Billionaires. The most elite of the elite. We love to hate them, and yet at the same time, we look to them for guidance via their bold words and savvy instincts. What can they share with us to help us become…well, maybe not billionaires or even millionaires, but just financially better off? Surely it wasn’t all luck, or inheritance or a once in a lifetime stroke of genius that catapulted these richest of the rich into the topmost rung of economic success, right? Often, it wasn’t; indeed, many billionaires today are self-made. This makes their insights all the more valuable.
And billionaires have advice they want to share — some of them are sharp as tacks: For instance, Warren Buffett’s famous argument to think long term, even when (or especially) when you’re concerned about the posterity of your investments; or Carlos Slim Helú’s insistence to face our problems so as to vanquish them and to learn from our failures. But where there are pearls of wisdom there are also a whole lot of empty oysters. In other words, billionaires give great advice, but they also say a lot of things that shouldn’t be taken seriously by anyone who is committed to growing their fortune.
GOBankingRates consulted a number of finance experts to find out which billionaire bits of advice they find to be the most unhelpful, if not downright dangerous. We also dug up quotes that are far more salient and helpful to the average investor. Read on for the best and worst advice from billionaires.
‘Don’t Take a Lunch Break’ — Michael Bloomberg
“So we’ve all heard at least one bit of stupid advice from out-of-touch billionaires and millionaires that left us shaking our heads,” said Scott Hasting, a finance executive at BetWorthy. “My personal favorite comes from none other than the woeful presidential candidate, Mike Bloomberg. Talking about what work ethic is needed to make it in today’s world, Mike had [said]: ‘Don’t ever take a lunch break or go to the bathroom. You keep working.’”
As Hasting points out, not only does this reinforce the idea of a “sweatshop-style workplace, but it also shows that Mr. Bloomberg has probably never put in many hours of manual labor himself. I get the idea of giving it your all and being as productive as possible, but let’s not forget that employees are humans, too.”
Ryan Maestro, portfolio strategist and the founder of WantFI, also highlighted this quote from Bloomberg as awful, adding that he “basically did the opposite of this ‘advice’ and grew [his] income over 100% in 10 working years.”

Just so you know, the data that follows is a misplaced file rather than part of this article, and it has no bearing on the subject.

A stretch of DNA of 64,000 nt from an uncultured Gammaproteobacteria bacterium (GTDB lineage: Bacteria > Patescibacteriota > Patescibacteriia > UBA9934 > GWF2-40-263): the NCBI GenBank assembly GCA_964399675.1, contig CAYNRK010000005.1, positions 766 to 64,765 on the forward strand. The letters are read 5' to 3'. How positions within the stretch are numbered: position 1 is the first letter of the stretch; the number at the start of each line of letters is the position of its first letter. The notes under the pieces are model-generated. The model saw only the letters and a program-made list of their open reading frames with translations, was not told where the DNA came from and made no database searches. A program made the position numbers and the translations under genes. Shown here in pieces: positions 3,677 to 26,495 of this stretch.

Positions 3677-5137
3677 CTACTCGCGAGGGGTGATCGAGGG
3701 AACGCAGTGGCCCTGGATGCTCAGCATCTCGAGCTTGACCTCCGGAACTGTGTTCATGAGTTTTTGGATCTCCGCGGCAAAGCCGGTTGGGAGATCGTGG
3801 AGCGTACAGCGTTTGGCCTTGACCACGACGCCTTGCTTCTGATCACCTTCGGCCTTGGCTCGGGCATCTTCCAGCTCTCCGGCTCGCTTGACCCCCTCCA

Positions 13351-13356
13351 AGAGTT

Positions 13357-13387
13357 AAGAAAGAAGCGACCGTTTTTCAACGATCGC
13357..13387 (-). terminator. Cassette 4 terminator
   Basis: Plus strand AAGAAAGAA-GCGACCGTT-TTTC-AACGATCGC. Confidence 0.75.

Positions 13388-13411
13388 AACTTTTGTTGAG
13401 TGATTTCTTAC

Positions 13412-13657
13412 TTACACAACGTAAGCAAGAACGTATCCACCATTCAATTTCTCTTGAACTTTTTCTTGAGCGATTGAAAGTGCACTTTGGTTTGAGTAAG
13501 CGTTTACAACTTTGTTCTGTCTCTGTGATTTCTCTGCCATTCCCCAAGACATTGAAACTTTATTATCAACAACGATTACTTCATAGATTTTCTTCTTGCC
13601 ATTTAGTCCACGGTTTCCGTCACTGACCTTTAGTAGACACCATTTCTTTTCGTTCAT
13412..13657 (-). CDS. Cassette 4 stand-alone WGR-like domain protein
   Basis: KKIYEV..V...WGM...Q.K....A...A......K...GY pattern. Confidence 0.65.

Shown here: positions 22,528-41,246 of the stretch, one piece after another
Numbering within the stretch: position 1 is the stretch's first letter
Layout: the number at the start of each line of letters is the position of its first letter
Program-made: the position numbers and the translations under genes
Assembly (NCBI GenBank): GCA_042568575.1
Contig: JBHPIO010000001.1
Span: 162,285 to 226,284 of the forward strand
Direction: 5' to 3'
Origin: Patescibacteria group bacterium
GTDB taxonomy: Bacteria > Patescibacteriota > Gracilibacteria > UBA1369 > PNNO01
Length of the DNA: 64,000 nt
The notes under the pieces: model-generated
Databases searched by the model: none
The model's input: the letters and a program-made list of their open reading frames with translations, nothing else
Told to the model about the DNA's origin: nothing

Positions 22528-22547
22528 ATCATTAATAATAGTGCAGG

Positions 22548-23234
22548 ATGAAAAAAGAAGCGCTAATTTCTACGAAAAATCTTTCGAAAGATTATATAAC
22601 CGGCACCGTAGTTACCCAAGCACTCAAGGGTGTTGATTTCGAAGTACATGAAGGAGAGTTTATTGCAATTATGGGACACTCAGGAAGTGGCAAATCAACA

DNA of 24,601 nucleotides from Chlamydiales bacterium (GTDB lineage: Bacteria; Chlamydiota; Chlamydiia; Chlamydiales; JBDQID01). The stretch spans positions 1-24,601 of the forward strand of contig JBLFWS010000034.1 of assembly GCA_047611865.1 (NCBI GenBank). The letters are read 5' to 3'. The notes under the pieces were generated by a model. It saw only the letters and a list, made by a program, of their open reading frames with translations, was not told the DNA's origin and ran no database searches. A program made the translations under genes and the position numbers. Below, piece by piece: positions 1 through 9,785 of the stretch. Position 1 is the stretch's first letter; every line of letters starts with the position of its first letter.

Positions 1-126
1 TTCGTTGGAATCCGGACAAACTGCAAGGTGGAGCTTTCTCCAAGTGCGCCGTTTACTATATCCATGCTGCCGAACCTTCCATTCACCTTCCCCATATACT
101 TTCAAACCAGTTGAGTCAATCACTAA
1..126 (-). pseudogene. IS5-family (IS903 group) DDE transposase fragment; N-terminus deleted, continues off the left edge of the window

Maestro also pointed to another Bloomberg adage — this one actually wise and useful: “Life is too short to spend your time avoiding failure.”
‘Put in 100 Hour Work Weeks’ — Elon Musk
“One of my least favorite business quotes is from none other than Elon Musk,” said Ann Martin, director of operations of CreditDonkey. The quote: “If other people are putting in 40 hour work weeks and you’re putting in 100 hour work weeks, then even if you’re doing the same thing you know that… you will achieve in 4 months what it takes them a year to achieve.”
“I don’t think this is good advice for 99% of people,” Martin continued. “If someone says they work 100 hours a week, what that signals to me is that they’re not good at getting work done efficiently or setting boundaries. People need time to rest and refresh. We’re not robots! I think the better advice would be to use your time well. Don’t be ‘always working,’ because that’s how you end up procrastinating and/or burning out. When you’re on the clock, make it count, and then enjoy your time off at the end of the day.”
A quote of Musk’s that Martin has taken a shine to, on the other hand, is the more inspired: “A company is a group organized to create a product or service, and it is only as good as its people and how excited they are about creating.”
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‘The Stock Market Is the Worst Investment Vehicle’ — Mark Cuban
One of the worst opinions on finance that Jonathan R. Wiley, director, head of investments at Arch Global Advisors, has heard came from Mark Cuban, who said, “The stock market is probably the worst investment vehicle out there. Buy-and-hold is a sucker’s game.”